Perhaps more than any other Tour player, Poulter has engaged in numerous cyber scuffles. When asked why he responds to the naysayers, Poulter took a few seconds to process the question. Then he shrugged. 

“Don’t know,” he said. “Sometimes you want to please the fans. It’s nice to read nice comments, but unfortunately there are dangers with doing so. Those dangers are a few idiots, a few very sad, lonely, pathetic, unhappy individuals who like to try and make misery for other people. So you have to manage what it is you want out of social media, but at times it’s tricky to be able to do that.”

Do the negative replies sting?

“Of course,” he said. “I try and brush it off, but when there are lots of idiots who say lots of things, then unfortunately it gets frustrating at times and you retaliate occasionally when you probably shouldn’t.

“Sometimes it’s very unjust. You work very, very, very hard to do something, and you put all the hours in, and somebody accuses you of being lazy or telling you to go practice and work harder and that you’re rubbish – and those are the polite versions – then it really annoys you and you want to tell that person, ‘Would you like to go forth and multiply?’ But you can’t do that. Then it’s out there in the outside world and you can get punished for it.”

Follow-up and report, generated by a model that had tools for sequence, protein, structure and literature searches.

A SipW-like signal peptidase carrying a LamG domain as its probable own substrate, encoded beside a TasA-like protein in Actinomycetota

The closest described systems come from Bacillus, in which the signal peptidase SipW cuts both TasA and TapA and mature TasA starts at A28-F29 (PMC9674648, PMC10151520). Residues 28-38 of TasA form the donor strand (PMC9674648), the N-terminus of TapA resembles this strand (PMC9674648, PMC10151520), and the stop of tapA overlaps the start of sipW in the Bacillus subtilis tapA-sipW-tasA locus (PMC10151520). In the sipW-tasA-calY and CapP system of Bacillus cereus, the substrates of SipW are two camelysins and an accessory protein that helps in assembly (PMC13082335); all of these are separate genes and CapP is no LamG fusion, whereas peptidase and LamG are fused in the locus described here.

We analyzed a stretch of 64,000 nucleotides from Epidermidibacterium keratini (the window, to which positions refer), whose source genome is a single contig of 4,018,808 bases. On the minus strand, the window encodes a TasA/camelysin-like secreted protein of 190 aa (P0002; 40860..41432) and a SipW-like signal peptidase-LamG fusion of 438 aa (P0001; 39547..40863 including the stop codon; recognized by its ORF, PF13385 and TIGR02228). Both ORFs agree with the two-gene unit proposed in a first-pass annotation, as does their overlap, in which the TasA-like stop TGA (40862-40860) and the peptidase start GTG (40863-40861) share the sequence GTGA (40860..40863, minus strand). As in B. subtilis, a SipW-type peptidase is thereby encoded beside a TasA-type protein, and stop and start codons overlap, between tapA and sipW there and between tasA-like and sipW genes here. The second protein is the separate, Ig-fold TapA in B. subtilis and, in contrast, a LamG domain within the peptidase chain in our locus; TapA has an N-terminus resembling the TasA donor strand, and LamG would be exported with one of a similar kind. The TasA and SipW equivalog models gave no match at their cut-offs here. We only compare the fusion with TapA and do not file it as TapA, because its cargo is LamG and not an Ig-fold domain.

A global superstar like Jordan Spieth has, incredibly, dodged much of the Internet bashing. He is good-natured, unfailingly polite and thoughtful, the total package, an All-American kid who is already a star pitchman. Polarizing, he is not.

And so it was a surprise to see Spieth get snippy on social media Thursday night. First he fired back at an Instagram user, who said that he was “garbage,” and then he called out the PGA Tour’s official Twitter account, which had highlighted a post-round comment that was made in jest.